Gallup cautions that the Trump presidency may be influencing these numbers on a partisan level: From 2018 to 2019, the share of Democrats reporting cost-related delays for serious conditions jumped from 22 percent to 34 percent. Among Republicans, the year-over-year increase was more subdued, from 12 percent to 15 percent.

Gallup data also show Democrats (31 percent) self-report higher rates of preexisting conditions than Republicans (22 percent).

“Whether these gaps are indicative of real differences in the severity of medical and financial problems faced by Democrats compared with Republicans or Democrats’ greater propensity to perceive problems in these areas isn’t entirely clear,” according to Gallup’s Lydia Saad. “But it’s notable that the partisan gap on putting off care for serious medical treatment is currently the widest it’s been in two decades.”

Data from the Kaiser Family Foundation’s Employer Health Survey underscores the severity of the health-care spending problem. In 2019, 82 percent of covered workers must meet a deductible before health-care coverage kicks in, up from 63 percent a decade ago. “The average single deductible now stands at $1,655 for workers who have one,” according to KFF, “similar to last year’s $1,573 average but up sharply from the $826 average of a decade ago.”

Deductibles have surged 162 percent since 2009, data show — more than six times the 26 percent climb in earnings over the same period.

There are many factors driving up the cost of care for most American families. Administrative costs are a big part of the issue: Health insurance is largely a for-profit industry, meaning insurance companies and their shareholders are reaping a percentage of your deductibles and co-pays as profit.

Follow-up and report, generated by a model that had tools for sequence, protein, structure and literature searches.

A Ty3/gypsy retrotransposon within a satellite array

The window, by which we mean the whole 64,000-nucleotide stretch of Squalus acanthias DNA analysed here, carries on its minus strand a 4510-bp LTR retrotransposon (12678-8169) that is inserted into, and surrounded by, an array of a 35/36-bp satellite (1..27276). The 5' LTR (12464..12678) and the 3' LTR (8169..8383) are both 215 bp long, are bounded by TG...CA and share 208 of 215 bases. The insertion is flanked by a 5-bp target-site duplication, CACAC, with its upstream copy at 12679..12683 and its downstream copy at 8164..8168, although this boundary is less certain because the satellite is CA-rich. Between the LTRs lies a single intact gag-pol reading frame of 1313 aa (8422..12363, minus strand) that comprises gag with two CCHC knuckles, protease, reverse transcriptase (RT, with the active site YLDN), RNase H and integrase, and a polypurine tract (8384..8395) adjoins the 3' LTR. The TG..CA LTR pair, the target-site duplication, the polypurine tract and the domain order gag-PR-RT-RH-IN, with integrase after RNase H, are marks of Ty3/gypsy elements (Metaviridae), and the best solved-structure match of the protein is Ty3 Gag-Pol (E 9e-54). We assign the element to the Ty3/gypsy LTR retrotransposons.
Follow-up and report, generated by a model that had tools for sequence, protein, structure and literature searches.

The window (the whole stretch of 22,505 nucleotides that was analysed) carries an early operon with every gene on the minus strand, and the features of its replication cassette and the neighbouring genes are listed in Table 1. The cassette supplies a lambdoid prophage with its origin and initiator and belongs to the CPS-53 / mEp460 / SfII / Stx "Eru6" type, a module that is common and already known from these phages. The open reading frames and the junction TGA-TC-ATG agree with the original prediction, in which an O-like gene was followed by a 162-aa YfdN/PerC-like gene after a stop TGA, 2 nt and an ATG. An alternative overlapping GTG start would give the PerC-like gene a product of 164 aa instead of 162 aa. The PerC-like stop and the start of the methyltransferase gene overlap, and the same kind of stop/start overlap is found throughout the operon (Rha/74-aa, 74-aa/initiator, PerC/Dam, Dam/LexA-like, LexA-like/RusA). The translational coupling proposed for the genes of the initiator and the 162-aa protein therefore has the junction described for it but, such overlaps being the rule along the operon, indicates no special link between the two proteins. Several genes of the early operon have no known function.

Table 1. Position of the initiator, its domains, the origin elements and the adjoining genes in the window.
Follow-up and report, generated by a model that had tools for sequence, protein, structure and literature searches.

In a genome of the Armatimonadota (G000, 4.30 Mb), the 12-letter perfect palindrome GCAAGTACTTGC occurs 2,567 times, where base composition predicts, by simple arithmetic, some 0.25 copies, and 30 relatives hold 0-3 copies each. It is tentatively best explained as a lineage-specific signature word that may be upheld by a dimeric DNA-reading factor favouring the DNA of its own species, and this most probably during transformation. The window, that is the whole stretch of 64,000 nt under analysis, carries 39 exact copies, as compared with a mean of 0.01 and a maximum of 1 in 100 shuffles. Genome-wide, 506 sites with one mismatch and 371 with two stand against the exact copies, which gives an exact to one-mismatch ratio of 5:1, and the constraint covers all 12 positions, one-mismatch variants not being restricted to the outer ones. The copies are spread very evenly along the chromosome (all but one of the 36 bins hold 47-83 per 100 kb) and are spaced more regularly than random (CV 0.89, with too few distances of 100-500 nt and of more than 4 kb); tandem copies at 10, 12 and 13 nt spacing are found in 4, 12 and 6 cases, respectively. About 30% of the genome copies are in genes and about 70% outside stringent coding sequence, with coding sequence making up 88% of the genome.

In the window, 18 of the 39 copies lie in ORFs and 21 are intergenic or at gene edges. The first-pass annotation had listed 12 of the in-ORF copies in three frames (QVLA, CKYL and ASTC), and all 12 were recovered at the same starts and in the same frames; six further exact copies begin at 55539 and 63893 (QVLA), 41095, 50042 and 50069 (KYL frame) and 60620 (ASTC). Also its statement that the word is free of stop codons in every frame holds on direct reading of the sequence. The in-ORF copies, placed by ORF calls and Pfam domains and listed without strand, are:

Many hospitals, too, are raking in profits. In recent years, surprise billing practices and outrageous markups for simple drugs and services have drawn the ire of lawmakers looking for ways to reduce health-care spending.

Physician pay is another significant expense. The Commonwealth Fund, a health-care research group, estimates American doctors earn “nearly double the average salary” of doctors in other wealthy nations. The American Medical Association, a trade group representing doctors, has a long history of opposing efforts to implement European-style single-payer health-care systems in the United States.

The American health-care system, in other words, works pretty well for the powerful players in the health-care industry. Hospitals and insurance companies are reaping significant profits. Doctors are earning high salaries. But what are the rest of us getting in return for our ever-growing co-pays and deductibles?

The national Centers for Disease Control and Prevention has an answer, and it’s an indictment of our health-care system: The United States is in the midst of the longest sustained drop in life expectancy in at least 100 years. Relative to other wealthy countries, lives in America are short and getting shorter.

The disparities domestically are perhaps even more shocking: In the nation’s wealthiest places, where the high cost of modern health care remains within relatively easy reach, life expectancies are literally decades longer than in America’s poorest places.

As health care becomes more expensive and economywide inequalities more pronounced, these disparities in life span are likely to get worse — and the share of Americans skipping out on much-needed medical care only likely to grow.